Argentine fruit exporters are bracing themselves for heavy losses in the wake of Russia’s invasion of Ukraine.
As the leading destination for apples, pears and lemons, any disruption to shipments to Russia will have serious financial implications for producers, who already face unprecedented pressure from skyrocketing production and logistics costs.
While Argentina has not yet signed up to the economic sanctions imposed by much of the West, the devaluation of the rouble will hit consumer purchasing power and reduce the income growers receive for their fruit.
Russia’s ejection from the SWIFT system and a shortage of foreign exchange will complicate and delay payments, leaving growers facing increased financial costs.
According to La Nación, a source close to Agriculture Minister Julián Domínguez has been quoted as stating that the government has no plans to introduce any restrictive measures to bilateral trade.
Meanwhile, lemon producers in the province of Tucumán have decided to delay the start of the 2022 harvest due to growing uncertainty surrounding the Ukraine conflict.
Russian and Ukraine take around 25 per cent of Argentina’s total export volume, virtually all of which comes from Tucumán, with shipments ranging from 40,000-50,000 tonnes of each year.
ámbito reported that Tucumán governor Osvaldo Jaldo met with Pablo Padilla, president of the Argentine Northwest Citrus Association (ACNOA) on Thursday to coordinate actions to mitigate the expected logistics and financial implications from the crisis.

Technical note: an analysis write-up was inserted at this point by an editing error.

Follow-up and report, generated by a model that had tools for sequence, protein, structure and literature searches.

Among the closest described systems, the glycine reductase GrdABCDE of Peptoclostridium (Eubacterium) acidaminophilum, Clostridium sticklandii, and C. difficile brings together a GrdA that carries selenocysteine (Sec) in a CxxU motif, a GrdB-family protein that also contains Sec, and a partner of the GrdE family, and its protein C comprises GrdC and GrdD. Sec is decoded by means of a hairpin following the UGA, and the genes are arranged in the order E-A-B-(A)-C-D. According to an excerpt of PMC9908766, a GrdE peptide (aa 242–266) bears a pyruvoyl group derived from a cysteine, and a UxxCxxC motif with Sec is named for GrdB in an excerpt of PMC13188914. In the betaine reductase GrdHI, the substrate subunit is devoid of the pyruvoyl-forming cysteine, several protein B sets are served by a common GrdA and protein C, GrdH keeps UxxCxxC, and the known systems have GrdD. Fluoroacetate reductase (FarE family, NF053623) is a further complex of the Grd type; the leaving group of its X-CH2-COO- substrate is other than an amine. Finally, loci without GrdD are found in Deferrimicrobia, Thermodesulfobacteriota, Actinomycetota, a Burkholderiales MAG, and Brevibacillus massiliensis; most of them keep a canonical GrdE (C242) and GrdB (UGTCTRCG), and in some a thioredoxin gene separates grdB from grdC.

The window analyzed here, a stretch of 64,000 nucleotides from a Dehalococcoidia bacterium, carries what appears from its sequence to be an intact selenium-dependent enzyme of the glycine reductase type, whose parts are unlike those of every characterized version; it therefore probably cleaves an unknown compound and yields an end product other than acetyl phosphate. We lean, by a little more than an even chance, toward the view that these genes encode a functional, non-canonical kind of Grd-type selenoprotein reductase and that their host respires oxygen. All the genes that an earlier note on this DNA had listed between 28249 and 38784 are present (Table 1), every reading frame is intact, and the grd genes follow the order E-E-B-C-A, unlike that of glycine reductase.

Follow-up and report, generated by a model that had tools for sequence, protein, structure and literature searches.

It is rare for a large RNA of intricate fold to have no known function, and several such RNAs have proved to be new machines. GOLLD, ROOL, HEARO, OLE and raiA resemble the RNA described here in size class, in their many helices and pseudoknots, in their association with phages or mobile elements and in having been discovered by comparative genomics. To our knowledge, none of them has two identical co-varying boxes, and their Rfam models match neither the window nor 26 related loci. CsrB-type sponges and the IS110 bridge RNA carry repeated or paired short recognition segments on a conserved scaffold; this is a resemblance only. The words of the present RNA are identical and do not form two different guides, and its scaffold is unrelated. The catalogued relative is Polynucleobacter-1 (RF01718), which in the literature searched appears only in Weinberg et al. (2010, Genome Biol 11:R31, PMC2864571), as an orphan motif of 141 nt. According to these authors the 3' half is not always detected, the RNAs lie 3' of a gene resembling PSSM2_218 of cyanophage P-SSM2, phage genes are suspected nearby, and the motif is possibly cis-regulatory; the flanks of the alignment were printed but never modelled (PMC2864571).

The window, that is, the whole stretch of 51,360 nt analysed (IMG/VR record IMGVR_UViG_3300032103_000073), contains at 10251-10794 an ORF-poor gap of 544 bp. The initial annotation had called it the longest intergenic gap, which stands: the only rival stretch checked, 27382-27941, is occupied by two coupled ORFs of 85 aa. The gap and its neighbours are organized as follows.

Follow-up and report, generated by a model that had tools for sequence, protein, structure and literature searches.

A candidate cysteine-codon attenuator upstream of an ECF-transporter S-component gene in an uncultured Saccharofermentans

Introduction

According to the Minister of Productive Development of Tucumán, Simón Padrós, 50 per cent of the foreign exchange entering the province comes from the export of lemons and their derivatives.
Before the meeting, Padilla announced that this year’s harvest would be delayed and fewer people employed to pick the fruit.
“We have unsustainable cost growth. The cost of fertiliser has increased by 100 per cent. Maritime freight has also increased. And now we face a hike in the price of gas. We don't know if there will be enough gas, and it is essential,” Padilla told Radio Tucumán.
Jaldo said the national and provincial government would work jointly with producers to find solutions to the challenges facing producers and exporters.
Earlier this week, the Southern Hemisphere Fresh Fruit Exporters Association (SHAFFE) reported that South Africa and Argentina would be hit particularly hard by the conflict as they are the main suppliers of fresh produce to Russia.
SHAFFE warned that diverting the excess supply of citrus, apples and pears to other markets such as the European Union and US “could lead to an excess supply from those markets with the consequent financial losses for exporters”